Book Review – The Buddha of Suburbia

by Hanif Kureishi

Started: 4th March 2015

Finished: 4th March 2015

This novel was very different from the other two on my Postcolonial Fictions module. It wasn’t what I was expecting but it was a nice surprise and a much easier read.

The novel follows Karim Amir from the age of 17 when things begin to change in his life. His family life is breaking up; he’s disillusioned with his identity and is confused by his love for his best friend.

Although I didn’t really like Karim, I did find him a very interesting character. He has some funny lines and fascinating takes on things. His constant internal conflict (although the issues he’s conflicted on changes) are also really interesting and makes him a deeper character. I really like his interactions with other characters too. I don’t think any of the characters are particularly likeable for the whole novel but they (or at least some) do have their moments. I found there were some characters (such as Eva and Charlie) who became less and less likeable towards the end of the novel. When you find out what they’re really like. I think my favourite character is Jamila (or ‘Jammie’). I found her family life really intriguing and sad and was fascinated by her attitude towards everything. However we didn’t see as much of her as I hoped to, especially towards the end.

As I mentioned this novel is an easy read, I read it in a couple of hours. The writing really captured my interest (for the most part) and had, for the most part, a good pace to it. Not a great deal happens in terms of complex/deep plot but there are enough events (both new and recurring) to keep the story moving. Which, funnily enough, makes you feel like a lot more things happen over the period of time the novel is set. This novel is, apparently, very humorous. I can see it to an extent and makes some shocking scenes easier to read, but it wasn’t laugh-out-loud funny. There were also some moments where the novel felt a bit repeated and some parts felt a little drawn out.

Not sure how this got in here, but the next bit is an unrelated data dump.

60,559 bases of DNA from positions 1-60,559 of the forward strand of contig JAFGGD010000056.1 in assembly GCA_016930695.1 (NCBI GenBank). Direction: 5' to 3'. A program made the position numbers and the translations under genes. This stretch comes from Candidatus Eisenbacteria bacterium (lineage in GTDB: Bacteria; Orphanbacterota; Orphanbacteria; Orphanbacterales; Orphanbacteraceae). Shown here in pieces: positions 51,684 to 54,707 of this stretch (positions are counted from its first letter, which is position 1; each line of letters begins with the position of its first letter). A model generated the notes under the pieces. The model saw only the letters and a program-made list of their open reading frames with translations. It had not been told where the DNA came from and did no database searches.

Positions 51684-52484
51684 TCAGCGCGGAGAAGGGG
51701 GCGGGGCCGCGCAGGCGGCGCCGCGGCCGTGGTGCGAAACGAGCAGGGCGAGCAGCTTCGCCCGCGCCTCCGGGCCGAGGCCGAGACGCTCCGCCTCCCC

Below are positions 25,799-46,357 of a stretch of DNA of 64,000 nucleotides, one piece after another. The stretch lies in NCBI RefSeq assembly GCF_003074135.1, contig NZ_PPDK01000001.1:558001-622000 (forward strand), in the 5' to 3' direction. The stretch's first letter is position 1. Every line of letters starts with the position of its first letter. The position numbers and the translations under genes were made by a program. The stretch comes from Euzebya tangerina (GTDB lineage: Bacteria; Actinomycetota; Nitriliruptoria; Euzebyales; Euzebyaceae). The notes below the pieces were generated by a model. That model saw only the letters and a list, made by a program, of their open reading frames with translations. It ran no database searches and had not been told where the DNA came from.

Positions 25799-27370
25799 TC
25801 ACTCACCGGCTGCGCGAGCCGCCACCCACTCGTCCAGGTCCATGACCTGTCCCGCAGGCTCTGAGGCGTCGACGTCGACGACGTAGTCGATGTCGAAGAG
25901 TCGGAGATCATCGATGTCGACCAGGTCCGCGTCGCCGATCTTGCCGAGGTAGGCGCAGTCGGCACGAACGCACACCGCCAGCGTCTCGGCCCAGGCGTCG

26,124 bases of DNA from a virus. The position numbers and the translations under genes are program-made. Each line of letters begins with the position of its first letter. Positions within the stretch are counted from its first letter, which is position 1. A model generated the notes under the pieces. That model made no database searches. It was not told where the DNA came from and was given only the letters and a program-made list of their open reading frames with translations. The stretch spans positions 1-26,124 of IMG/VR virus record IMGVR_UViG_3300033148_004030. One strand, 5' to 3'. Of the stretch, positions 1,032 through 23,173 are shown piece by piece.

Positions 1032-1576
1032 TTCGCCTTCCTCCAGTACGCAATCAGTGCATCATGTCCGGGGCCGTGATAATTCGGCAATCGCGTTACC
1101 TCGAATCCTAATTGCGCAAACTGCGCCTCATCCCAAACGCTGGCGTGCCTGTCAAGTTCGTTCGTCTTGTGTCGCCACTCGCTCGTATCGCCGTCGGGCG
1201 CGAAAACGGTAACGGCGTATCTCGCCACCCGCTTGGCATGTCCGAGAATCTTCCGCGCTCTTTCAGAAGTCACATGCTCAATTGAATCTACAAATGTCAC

I did enjoy how the story focused on just the one protagonist, however when he wasn’t really likeable it was difficult to get into. It also wasn’t very clear on how much time had passed which was a little frustrating at times as you don’t know if certain things are happening too quickly or slowly. What did help, however, was the fact this novel was split into two parts “In the Suburbs” and “In the City.” This helped track the progress of the story and clearly illustrated the changes in the novel. They’re split fairly evenly too, however I would have liked to have seen more of Karim in the city. The ending had more meaning as I had read it after the lecture, if I had read it before I would have missed the significance and it wouldn’t have had the same effect.

Overall this was a refreshing read for this module and made me consider things from a different perspective. It’s definitely a novel I’ll look more into however I feel more could have been done with it, and would possibly be better as a longer novel.

Rating: 3.5/5


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